The need to support the nation’s growing demand for electricity and its increasing appetite for power generated from renewable sources has brought its aging transmission and distribution infrastructure into sharp relief.
According to data from the U.S. Energy Information Administration (EIA), major U.S. utilities are investing heavily in their distribution systems. The EIA reports that U.S. electric utility spending on electricity distribution systems has risen 54 percent over the past two decades, from $31 billion to $51 billion annually. Major U.S. electric utilities represent about 70 percent of the U.S. electric load.
The EIA explains that several factors affect electric distribution spending, including the number of customers served, the amount of electricity sold, the number of miles of electric distribution wire installed, and the maximum amount of load on the lines at one time.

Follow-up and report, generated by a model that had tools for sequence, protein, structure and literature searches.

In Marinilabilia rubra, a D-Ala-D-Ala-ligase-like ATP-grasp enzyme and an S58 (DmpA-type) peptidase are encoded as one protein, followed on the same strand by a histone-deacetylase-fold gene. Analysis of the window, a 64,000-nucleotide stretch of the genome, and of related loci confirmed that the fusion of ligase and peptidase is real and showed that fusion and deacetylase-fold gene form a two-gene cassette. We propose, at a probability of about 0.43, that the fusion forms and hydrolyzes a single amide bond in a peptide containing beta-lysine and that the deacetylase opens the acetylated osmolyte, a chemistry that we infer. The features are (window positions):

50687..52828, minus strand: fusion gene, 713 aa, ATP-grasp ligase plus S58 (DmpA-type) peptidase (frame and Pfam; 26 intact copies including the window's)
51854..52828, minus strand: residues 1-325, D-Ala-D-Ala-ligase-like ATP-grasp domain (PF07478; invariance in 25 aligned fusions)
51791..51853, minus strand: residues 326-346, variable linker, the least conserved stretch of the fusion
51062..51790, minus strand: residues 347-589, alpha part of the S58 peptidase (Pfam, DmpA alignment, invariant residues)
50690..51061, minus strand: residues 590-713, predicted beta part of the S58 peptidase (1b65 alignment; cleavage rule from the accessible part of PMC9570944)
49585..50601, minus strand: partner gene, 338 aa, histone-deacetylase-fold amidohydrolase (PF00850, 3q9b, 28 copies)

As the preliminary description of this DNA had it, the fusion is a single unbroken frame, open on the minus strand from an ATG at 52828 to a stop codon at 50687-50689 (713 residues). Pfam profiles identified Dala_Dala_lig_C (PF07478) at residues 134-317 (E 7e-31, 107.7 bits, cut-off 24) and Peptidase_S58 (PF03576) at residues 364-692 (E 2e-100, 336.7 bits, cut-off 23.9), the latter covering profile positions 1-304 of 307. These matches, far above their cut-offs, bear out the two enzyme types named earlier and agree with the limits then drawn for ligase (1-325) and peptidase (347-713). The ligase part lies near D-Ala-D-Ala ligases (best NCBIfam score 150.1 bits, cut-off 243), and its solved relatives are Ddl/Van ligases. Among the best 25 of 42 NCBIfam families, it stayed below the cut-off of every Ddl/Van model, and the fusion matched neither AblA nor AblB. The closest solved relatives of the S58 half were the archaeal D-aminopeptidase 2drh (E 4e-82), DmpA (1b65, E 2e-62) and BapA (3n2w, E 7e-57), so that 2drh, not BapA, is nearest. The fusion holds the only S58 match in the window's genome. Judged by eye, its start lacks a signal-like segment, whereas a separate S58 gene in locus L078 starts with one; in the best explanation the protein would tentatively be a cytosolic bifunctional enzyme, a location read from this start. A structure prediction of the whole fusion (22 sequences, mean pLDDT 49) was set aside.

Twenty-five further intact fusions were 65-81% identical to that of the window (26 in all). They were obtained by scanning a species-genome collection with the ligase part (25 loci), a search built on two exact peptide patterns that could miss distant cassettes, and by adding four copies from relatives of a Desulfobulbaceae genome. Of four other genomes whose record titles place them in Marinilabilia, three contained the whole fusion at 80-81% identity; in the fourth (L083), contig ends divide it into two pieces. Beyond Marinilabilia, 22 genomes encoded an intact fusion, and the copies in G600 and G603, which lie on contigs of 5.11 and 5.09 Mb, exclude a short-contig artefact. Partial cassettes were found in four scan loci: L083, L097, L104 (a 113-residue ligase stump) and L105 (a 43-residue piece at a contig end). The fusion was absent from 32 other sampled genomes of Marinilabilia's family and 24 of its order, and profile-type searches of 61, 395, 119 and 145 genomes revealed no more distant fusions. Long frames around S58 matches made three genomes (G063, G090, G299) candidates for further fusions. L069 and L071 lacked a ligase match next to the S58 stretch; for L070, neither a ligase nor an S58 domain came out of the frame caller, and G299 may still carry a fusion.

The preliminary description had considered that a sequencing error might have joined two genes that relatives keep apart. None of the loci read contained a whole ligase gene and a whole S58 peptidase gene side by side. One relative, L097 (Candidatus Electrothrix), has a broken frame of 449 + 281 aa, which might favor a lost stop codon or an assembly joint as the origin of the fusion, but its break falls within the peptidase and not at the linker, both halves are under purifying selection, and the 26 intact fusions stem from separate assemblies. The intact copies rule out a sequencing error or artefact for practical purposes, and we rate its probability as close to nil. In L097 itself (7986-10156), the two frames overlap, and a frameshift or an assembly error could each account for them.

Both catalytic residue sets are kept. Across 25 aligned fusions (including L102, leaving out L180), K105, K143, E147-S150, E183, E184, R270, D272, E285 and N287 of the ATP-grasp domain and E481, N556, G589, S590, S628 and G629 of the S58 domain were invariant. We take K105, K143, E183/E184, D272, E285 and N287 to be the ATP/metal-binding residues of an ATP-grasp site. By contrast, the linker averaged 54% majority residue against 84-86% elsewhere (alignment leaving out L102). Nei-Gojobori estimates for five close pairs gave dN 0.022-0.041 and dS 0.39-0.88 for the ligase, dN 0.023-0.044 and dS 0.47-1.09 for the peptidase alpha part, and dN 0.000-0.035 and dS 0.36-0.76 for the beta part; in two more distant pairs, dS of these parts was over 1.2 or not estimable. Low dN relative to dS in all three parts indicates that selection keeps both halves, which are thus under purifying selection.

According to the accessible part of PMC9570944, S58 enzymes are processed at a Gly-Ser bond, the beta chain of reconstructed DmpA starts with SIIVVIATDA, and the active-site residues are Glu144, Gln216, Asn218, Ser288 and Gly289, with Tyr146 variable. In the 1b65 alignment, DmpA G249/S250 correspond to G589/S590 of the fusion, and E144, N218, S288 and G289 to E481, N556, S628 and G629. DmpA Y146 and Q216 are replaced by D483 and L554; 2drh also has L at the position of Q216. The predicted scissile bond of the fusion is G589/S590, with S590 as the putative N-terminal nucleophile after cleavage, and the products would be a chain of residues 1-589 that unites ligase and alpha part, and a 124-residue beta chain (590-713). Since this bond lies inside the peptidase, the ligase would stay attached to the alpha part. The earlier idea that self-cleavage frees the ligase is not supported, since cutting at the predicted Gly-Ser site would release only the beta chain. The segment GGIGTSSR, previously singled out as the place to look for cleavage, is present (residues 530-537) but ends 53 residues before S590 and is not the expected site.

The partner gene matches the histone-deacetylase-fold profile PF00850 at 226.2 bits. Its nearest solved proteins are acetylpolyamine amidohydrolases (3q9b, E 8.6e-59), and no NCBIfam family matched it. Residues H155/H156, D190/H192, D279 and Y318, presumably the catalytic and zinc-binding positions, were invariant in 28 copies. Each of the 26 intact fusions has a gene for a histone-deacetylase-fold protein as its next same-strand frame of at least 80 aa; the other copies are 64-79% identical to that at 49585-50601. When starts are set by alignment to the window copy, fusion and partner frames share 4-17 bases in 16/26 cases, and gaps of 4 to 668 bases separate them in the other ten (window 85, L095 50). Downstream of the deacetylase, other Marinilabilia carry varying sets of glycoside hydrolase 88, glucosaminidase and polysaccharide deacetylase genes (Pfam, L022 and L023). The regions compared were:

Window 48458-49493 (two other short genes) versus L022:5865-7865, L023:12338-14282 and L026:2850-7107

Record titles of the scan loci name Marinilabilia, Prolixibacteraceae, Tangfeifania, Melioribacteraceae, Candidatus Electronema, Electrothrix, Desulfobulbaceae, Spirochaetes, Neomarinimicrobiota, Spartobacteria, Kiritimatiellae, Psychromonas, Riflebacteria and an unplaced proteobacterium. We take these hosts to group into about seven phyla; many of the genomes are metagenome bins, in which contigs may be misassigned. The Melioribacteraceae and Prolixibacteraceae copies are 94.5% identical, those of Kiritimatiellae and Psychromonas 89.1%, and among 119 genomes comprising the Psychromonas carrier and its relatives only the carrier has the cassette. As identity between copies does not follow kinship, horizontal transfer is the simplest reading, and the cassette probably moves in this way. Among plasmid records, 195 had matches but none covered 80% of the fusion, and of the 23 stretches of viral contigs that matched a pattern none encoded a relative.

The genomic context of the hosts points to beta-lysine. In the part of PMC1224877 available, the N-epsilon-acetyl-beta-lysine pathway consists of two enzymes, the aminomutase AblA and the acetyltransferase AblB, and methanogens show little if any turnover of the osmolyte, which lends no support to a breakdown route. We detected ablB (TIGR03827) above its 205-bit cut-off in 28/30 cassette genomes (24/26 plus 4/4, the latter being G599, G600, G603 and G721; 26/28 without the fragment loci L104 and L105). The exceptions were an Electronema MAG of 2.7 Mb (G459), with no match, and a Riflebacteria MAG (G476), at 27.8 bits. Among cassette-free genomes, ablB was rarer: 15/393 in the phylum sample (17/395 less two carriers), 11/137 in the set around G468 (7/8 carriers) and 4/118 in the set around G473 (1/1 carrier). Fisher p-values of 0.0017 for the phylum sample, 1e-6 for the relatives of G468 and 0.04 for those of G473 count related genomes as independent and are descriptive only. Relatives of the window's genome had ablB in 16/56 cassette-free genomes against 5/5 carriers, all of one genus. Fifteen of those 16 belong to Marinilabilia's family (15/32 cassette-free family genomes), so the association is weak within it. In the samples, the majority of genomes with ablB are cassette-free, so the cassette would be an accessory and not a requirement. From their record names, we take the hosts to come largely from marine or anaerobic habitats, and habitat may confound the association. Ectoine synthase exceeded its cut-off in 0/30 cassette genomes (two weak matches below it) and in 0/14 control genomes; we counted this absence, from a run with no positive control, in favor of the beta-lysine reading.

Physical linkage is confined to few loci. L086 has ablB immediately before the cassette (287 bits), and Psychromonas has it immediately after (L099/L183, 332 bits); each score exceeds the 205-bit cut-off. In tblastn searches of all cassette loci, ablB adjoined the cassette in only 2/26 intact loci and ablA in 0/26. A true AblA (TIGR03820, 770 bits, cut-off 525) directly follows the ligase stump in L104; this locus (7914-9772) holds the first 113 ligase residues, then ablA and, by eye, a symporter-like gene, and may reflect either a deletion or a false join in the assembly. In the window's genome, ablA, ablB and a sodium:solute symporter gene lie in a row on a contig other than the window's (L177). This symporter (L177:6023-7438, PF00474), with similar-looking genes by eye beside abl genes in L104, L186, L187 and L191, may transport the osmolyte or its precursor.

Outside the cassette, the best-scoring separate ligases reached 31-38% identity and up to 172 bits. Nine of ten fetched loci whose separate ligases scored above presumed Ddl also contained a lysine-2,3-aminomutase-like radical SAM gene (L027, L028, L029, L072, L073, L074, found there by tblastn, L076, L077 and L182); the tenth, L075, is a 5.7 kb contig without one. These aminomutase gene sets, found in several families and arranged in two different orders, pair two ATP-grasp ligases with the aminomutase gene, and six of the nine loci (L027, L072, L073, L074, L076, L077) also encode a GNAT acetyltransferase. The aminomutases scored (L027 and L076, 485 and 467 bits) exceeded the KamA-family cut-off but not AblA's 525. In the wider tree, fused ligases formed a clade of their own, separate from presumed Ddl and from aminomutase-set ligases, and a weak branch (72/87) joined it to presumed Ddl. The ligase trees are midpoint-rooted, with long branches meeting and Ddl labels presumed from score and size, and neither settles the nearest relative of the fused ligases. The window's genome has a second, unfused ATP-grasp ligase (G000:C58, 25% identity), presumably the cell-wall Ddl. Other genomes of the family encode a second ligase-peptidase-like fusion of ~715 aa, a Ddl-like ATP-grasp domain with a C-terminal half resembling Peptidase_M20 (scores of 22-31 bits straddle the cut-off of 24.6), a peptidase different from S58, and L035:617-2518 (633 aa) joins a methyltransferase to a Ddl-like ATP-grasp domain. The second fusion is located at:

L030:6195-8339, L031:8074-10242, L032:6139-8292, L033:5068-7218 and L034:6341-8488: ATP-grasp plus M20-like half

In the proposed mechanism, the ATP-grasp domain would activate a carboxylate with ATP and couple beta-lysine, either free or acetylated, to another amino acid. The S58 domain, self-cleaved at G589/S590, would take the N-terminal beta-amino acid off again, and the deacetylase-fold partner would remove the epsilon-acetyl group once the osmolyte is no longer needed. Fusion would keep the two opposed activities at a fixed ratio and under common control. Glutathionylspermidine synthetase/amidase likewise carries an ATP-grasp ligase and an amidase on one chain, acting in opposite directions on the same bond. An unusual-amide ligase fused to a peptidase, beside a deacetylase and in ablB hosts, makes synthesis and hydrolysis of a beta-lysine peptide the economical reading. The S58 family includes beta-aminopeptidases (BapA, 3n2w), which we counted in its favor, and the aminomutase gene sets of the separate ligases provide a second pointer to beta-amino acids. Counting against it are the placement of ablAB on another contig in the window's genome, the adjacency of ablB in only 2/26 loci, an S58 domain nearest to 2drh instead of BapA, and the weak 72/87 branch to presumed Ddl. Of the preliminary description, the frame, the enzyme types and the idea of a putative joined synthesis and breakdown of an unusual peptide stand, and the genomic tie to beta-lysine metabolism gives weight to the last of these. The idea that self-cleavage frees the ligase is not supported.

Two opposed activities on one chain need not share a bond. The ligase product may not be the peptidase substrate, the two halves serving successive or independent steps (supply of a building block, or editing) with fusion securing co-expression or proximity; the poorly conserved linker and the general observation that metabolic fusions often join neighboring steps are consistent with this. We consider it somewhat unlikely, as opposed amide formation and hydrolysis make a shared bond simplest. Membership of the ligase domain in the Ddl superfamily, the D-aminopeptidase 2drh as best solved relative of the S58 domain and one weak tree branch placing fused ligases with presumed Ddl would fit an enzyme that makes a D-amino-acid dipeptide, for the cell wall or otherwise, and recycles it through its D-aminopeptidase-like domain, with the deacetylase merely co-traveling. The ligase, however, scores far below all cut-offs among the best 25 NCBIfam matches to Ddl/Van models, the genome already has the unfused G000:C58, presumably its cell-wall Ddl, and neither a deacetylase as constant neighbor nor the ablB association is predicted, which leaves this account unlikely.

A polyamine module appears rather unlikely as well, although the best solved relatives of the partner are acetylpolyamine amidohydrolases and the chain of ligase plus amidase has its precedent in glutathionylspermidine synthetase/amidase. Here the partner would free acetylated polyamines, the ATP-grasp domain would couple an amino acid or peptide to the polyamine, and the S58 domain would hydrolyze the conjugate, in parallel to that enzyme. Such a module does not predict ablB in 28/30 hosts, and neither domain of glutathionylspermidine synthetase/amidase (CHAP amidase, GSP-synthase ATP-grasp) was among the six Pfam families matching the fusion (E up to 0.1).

Capital investment accounts for the largest share of distribution costs as utilities work to upgrade aging equipment. The EIA cites a U.S. Department of Energy report, which indicates roughly two-thirds of power transformers, circuit breakers and transmission lines are at least 25 to 30 years old. Upgrades are also being made to poles, wires and transformers to better withstand extreme weather events, to perform better during system emergencies, and to accommodate renewable power.
Over the past decade, investment in overhead poles, wires, devices and fixtures (e.g., sensors, relays, and circuits) has risen by 69 percent, and spending on substation transformers and other station equipment has increased by 35 percent. Investment in customer meters also has more than doubled over the past decade as utilities have upgraded customer meters to smart meters.
Not surprisingly, the EIA notes that the largest spending increases have occurred in the older, more populated systems. This includes the Northeast Power Coordinating Council in New York City and Boston; Reliability First in Chicago, Detroit, Philadelphia, and Baltimore-Washington, D.C.; and the Western Electricity Coordinating Council in Los Angeles and San Francisco.